App Store fak­ers

Spot the tricks used to get your money

Mac Format - - CONTENTS - Words: Craig Gran­nell Images: iStockphoto.com

The App Store is of­ten de­scribed as the Wild West of soft­ware: oft-un­charted ter­ri­tory where hardy pi­o­neers battle it out in a stern, fre­quently bru­tal sur­vival of the fittest. In re­cent years, though, cor­ners of the App Store have be­come murkier and with­out any sem­blance of hon­our, akin to a boot­leg­ger’s par­adise. Rather than striv­ing for in­no­va­tion and qual­ity, cer­tain de­vel­op­ers in­stead re­sort to out­right trick­ery, steal­ing icons, names, art­work, App Store de­scrip­tions and even the code­base of en­tire apps or games, and then try to make a fast buck sell­ing the re­sults to un­sus­pect­ing iPhone and iPad own­ers.

Clone wars

A com­mon­place tac­tic is to es­sen­tially rip off a popular app or game, and use a sim­i­lar name, aim­ing to con­fuse peo­ple search­ing the App Store for spe­cific terms. Shame­ful ex­am­ples over the years have in­cluded Tiny Birds, Num­bers With Friends, Tem­ple Jump, Plants vs. Zom­bie (where, pre­sum­ably, all but one zom­bie had scarpered), and the oddly named ‘Im­pos­si­ble Hexagon - Su­per Swing Adventure Road of In­fi­nite Copters’, seem­ingly aim­ing to snare fans of a whole range of ti­tles, de­spite the App Store grabs show­ing a rough-look­ing Su­per Hexagon clone. (Rather more cun­ning de­vel­op­ers sim­ply add ‘+’, ‘Plus’ or ‘Pro’ to a popular app’s name, all of which hap­pened to screen­shot re­mover Screeny, which shortly af­ter re­lease found it­self sur­rounded by ter­ri­ble clones.)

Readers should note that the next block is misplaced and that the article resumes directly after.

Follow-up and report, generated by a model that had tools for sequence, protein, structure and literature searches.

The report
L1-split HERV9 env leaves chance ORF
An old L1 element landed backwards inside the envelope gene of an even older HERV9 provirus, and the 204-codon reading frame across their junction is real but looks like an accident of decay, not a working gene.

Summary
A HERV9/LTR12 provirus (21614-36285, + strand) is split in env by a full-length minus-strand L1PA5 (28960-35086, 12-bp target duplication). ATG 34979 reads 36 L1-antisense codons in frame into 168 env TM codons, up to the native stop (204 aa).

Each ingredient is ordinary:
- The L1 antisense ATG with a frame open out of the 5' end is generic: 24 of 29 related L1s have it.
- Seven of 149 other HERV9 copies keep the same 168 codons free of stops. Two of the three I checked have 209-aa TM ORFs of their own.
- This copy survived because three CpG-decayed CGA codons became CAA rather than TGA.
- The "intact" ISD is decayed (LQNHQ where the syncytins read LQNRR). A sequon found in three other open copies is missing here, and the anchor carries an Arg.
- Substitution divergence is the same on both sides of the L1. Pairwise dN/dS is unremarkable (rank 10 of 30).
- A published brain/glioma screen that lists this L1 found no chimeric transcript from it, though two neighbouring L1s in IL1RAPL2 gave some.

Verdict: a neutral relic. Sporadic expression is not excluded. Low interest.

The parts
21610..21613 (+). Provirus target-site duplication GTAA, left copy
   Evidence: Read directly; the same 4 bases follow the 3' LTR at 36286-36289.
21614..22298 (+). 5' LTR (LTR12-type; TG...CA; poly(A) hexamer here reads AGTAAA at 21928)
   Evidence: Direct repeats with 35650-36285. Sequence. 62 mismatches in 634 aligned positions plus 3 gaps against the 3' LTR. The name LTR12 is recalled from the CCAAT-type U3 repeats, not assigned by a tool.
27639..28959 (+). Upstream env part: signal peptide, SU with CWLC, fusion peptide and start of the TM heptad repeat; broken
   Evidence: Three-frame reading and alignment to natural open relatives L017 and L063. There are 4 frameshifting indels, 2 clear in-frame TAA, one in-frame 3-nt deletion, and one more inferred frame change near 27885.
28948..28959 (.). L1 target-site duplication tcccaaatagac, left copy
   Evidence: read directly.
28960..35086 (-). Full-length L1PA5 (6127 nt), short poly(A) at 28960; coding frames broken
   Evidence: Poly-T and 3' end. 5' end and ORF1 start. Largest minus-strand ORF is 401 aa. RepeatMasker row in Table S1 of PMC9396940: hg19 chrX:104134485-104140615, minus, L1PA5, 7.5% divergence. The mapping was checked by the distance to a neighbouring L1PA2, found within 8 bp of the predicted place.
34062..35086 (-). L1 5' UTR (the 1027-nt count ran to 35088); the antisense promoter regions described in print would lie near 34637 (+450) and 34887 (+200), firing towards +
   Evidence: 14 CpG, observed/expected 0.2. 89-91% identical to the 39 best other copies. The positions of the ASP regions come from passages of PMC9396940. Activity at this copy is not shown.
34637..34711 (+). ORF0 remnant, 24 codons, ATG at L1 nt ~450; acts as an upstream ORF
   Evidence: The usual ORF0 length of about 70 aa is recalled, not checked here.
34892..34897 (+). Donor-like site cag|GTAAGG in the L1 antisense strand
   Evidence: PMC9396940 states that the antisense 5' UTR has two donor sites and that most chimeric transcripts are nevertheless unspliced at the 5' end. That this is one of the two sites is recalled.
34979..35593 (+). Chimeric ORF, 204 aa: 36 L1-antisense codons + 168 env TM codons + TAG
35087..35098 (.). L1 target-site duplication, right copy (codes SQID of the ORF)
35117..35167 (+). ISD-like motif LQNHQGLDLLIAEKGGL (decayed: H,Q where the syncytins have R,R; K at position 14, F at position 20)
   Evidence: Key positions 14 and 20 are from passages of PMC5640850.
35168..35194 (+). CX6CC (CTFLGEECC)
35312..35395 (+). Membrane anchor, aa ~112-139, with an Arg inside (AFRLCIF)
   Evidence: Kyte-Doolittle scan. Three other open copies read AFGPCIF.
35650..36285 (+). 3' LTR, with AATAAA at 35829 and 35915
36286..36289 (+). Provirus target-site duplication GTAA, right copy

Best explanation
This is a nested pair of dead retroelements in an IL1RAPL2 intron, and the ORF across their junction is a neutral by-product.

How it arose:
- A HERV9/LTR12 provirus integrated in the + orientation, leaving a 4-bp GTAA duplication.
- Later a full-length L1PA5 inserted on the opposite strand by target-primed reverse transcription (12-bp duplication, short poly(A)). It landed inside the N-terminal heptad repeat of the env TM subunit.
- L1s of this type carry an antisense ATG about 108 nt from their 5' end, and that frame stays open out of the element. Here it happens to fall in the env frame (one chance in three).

On some oc­ca­sions, apps aim to de­ceive by seem­ingly of­fer­ing con­tent that should not ex­ist on the App Store: ap­par­ent fac­sim­i­les of Nin­tendo games that, when launched, in fact re­sem­ble ter­ri­ble browser games from 1997, or ti­tles that turn out to be ‘guides’ for games, where the guide largely com­prises text copied from gam­ing web­sites.

More brazen clon­ers and fak­ers go fur­ther, quite lit­er­ally steal­ing con­tent from ex­ist­ing prod­ucts. Game cre­ator Frank Con­dello (chaoticbox.com) re­calls hav­ing his mu­sic stolen in the past, but when SHREDD (then called dEXTRIS) hit the top ten, all bets were off: “Clones stole art­work, mu­sic, sound ef­fects, and even my app’s name and App Store de­scrip­tion. I fully ex­pected this in a post-Flappy Bird App Store, but that didn’t make it any less frus­trat­ing”.

Else­where, you can even find peo­ple us­ing ex­ist­ing apps to set up cloning fac­tory lines of sorts. “Af­ter I re­leased Shoot The Moon, I stum­bled on a YouTube video pro­mot­ing the sale of source code for a sim­i­lar game”, says Shaun Cole­man (pip­squeakgames.com). “They openly pre­sented it as such, show­ing my game’s App Store list­ing, com­ment­ing on the high user rat­ings, and urg­ing peo­ple to try it”.

Blame game

Fak­ery of this sort sews con­fu­sion, ex­ac­er­bated by peo­ple in­tent on hi­jack­ing re­views on the App Store. A Google search is enough to un­cover com­pa­nies sell­ing bun­dles of four- and five-star re­views. Ap­ple has in the past sternly warned de­vel­op­ers that even if they’re not “per­son­ally en­gaged” in ma­nip­u­lat­ing App Store chart rank­ings or user re­views, “em­ploy­ing ser­vices that do so on their be­half” may re­sult in the loss of their Ap­ple De­vel­oper Pro­gram membership. Yet even a cur­sory glance at the App Store shows plenty of de­vel­op­ers get­ting away with this non­sense, their apps boasting a sus­pi­cious num­ber of high rat­ings from users with an iden­ti­cal writ­ing style and bizarre semi-ran­dom user­names. The net re­sult is App Store re­views be­come un­help­ful and po­ten­tially shield fake apps that may even end up with bet­ter rat­ings than the apps they’re copy­ing.

Un­sur­pris­ingly, de­vel­op­ers are frus­trated, on be­half of con­sumers and their com­mu­nity. “There’s con­fu­sion for sure, es­pe­cially when a cloner sticks a ‘2’ or ‘pro’ on the end of your app’s name and rips off your art”, says Con­dello. “I’ve even had hi­lar­i­ously an­gry emails about my ‘rub­bish An­droid port’, de­spite never mak­ing an An­droid app”. Remzi Şenel, ‘chaos monkey’ at Gram Games (gram.gs), adds that such prob­lems can “im­pact on word of mouth, caus­ing you to lose a link in the chain of vi­ral spread”. And while Se­myon Voinov, Cre­ative Direc­tor at Cut The